Suffice it to say, many of the mainland Greece legends do not portray King Minos in a favorable light. But interestingly enough, a few other earlier mythic anecdotes depict Minos as a champion of wisdom and justice, who even went onto built the region’s first navy to defeat the local pirates. In that regard, the actual historical legacy of the mighty Minoans can be possibly derived from such tales that establish the hegemony of the island-state, thus hinting at its cultural predominance in the areas comprising mainland Greece and Crete. In fact, the early phase of the Bronze Age Mycenaean civilization in itself (mostly based in mainland Greece) was markedly inspired by the distant Minoans hailing from the island of Crete. In essence the earlier Mycenaean artworks, architectural patterns and military arms, circa 1600–1450 BC, were very much similar to the contemporary Minoan styles – so much so that many early historians presumed the southern part of ancient Greece to be a colony of Bronze Age Crete.
But that was not the case. Rather the tangible influence of the Minoans on the ‘mainland’ Mycenaeans probably came from sea-based trading and exchange of materials between the two different cultures. To that end, it should be noted that the early Minoans used the Linear A syllabic script – which is still undecipherable, and conveys a language entirely different from the Greek dialects (unlike the Linear B). So in a way, the early Minoans can be essentially considered ‘non-Greek’ who had their lasting influence on the perceived ‘Greek’ characteristics (like art and military) of the Mycenaeans.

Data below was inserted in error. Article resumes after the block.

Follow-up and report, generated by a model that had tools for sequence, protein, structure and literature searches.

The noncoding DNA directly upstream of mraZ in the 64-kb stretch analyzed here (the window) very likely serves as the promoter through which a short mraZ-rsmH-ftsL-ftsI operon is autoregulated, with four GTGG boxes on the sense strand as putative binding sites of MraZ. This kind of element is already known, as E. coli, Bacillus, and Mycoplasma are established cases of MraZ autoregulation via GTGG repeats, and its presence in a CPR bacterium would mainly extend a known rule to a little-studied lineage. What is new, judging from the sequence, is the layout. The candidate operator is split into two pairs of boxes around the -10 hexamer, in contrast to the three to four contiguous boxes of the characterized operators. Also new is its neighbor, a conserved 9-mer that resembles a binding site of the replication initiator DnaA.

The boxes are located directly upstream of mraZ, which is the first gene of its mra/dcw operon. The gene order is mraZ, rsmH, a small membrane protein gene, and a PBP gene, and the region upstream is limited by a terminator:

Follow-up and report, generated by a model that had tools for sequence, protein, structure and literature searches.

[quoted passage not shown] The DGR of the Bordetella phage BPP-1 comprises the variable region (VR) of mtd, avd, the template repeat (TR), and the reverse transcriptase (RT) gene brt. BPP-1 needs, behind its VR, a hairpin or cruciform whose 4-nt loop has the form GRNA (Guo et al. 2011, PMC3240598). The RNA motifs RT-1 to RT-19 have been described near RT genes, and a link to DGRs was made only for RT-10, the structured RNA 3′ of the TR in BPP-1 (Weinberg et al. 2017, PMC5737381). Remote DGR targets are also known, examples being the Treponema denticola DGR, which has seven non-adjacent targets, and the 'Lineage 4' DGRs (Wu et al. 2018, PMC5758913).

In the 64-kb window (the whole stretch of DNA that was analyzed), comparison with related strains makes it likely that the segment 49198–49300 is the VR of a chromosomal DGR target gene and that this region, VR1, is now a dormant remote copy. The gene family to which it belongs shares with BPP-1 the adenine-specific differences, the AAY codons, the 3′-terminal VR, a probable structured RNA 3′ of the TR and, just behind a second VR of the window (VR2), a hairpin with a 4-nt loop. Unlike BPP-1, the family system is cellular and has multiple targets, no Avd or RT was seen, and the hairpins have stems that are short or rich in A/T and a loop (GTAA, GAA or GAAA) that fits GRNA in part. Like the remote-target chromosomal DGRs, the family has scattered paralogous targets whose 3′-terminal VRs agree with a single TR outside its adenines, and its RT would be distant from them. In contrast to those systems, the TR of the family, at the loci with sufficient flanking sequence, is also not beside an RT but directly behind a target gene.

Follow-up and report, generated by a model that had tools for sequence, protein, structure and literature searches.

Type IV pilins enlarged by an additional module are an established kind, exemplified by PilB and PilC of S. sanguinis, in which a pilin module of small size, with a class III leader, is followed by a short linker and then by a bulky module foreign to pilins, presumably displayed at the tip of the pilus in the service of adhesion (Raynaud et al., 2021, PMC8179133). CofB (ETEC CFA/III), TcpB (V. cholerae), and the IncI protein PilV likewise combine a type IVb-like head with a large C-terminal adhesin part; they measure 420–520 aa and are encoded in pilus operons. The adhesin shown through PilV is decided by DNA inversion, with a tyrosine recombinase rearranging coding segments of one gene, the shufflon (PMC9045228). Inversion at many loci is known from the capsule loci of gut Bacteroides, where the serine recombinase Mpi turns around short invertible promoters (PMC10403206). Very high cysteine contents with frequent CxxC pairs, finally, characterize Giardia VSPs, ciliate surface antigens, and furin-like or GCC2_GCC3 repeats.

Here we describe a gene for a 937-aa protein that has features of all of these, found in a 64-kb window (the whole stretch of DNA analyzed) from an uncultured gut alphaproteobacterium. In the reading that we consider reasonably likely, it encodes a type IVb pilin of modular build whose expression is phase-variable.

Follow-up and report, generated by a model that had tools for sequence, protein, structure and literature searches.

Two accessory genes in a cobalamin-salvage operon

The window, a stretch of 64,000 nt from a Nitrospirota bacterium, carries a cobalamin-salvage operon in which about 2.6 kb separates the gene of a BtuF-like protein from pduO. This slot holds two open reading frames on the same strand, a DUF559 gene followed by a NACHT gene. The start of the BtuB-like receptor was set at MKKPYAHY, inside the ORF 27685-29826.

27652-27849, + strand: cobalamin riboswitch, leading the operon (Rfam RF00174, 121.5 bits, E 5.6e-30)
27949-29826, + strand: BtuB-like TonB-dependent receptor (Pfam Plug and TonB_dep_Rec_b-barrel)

The Wonder of The Knossos Palaces –
The adoption of large-scale architectural projects by the Minoans of Crete rather mirrored their profitable endeavors in maritime trade and even land-based commerce. In fact, the first Palace at Knossos (built circa 1900 BC) was constructed upon the remnants of an existing urban center. The scale of this massive building complex can be comprehended from the extensive coverage that encompassed a whopping 150,000 sq ft of area – thus being equivalent of two-and-a-half American football fields. As for the core plan, the palace was built around a central courtyard, and was spatially complemented by a flurry of storage areas, very thick walls and perplexing basins. Considering these varied architectural elements, the Palace of Knossos was actually more than just a royal residence. It was rather conceived as a city-center complex, with structural attributes designed to serve civic, religious and economic purposes.